Dry mouth (also known as xerostomia) is defined as having a dry-feeling mouth, often accompanied by a difficulty swallowing. It is usually a direct result of dehydration but can be felt to occur regardless of the actual dryness of a person's mouth.
Chronic xerostomia or "dry mouth syndrome" is the regular and/or consistent experience of having a dry mouth that can result due to natural causes or as a product of the prolonged usage of mouth-drying substances. To treat this condition, substances such as cevimeline which stimulate the release of saliva are typically used. However, a problem noted with repeated use of such treatments is the overall worsening of the dry mouth symptoms over time. If the body adjusts to having chemical assistance in increasing saliva production cessation of treatment with the chemical can lead to physiological dependence wherein there is a rebound effect upon abrupt stopping of treatment.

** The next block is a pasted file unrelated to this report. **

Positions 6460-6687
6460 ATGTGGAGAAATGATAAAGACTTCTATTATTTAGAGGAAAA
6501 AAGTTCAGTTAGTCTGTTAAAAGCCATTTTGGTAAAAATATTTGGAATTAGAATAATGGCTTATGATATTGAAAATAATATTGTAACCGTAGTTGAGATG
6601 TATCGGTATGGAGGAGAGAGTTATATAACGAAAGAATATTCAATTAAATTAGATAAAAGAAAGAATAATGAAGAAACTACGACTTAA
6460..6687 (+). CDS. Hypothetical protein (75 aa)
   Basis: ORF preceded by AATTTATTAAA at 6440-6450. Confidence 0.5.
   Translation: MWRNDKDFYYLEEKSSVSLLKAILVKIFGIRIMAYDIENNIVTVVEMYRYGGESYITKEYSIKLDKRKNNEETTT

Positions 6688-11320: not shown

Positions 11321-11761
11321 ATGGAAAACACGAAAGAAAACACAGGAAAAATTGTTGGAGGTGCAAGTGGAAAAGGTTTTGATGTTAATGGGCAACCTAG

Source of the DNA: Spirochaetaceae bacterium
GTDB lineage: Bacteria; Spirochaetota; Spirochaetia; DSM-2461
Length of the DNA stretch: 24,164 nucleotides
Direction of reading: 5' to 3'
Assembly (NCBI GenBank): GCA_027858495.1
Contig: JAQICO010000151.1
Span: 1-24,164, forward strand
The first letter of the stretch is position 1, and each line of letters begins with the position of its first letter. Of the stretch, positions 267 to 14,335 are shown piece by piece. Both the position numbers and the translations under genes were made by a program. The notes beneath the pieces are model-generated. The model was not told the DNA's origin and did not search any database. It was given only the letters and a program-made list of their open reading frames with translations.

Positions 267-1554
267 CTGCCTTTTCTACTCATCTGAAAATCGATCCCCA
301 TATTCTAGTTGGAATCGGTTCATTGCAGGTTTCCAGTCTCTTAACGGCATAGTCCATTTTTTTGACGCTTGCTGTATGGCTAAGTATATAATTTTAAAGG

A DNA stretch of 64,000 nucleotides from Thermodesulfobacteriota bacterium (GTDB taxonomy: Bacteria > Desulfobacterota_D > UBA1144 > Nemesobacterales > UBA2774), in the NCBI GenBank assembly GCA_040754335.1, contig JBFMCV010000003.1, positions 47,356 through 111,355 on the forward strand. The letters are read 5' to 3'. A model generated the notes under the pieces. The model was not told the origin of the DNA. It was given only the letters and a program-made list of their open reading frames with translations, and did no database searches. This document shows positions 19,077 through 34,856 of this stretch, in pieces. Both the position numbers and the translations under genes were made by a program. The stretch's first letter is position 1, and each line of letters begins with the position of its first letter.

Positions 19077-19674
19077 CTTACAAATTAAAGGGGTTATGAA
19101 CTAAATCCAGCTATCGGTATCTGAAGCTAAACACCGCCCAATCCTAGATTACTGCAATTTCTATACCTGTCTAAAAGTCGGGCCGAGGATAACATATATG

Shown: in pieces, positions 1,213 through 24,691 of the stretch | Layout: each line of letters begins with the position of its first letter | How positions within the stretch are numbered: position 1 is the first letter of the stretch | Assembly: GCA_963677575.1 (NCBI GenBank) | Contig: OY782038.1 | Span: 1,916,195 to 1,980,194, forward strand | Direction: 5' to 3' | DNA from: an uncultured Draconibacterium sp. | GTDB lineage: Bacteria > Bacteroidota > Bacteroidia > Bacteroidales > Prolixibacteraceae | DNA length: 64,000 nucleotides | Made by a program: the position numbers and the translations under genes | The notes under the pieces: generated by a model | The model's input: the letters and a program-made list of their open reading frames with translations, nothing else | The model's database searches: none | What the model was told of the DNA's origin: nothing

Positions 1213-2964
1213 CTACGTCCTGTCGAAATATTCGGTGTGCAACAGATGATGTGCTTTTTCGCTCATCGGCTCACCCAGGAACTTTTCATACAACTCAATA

In general, if the cause of dry mouth is due to a psychoactive substance, medication, or combination, medical treatment is not recommended. Dry mouth as an effect of substances is considered to be benign unless the effect is chronic and continues to bother or cause tooth/gum issues in the person experiencing it. As a basic harm reduction practice one should be mindful to stay consistently well hydrated, avoid breathing through the mouth, and limit substance usage if the effect becomes uncomfortable, unmanageable, or persists even when not under the influence of a psychoactive substance.
Dry mouth is often accompanied by other coinciding effects such as frequent urination (due to drinking excessive amounts of water) and dehydration. It is most commonly induced under the influence of moderate dosages of a wide variety of compounds, such as stimulants, psychedelics, opioids, antispychotics, deliriants, SSRI's, and cannabinoids. It is also a common side effect of many substances, especially the combination of more than one substance which can produce or amplify already present experience of a dry mouth, which can interact significantly.
Compounds within our psychoactive substance index which may cause this effect include: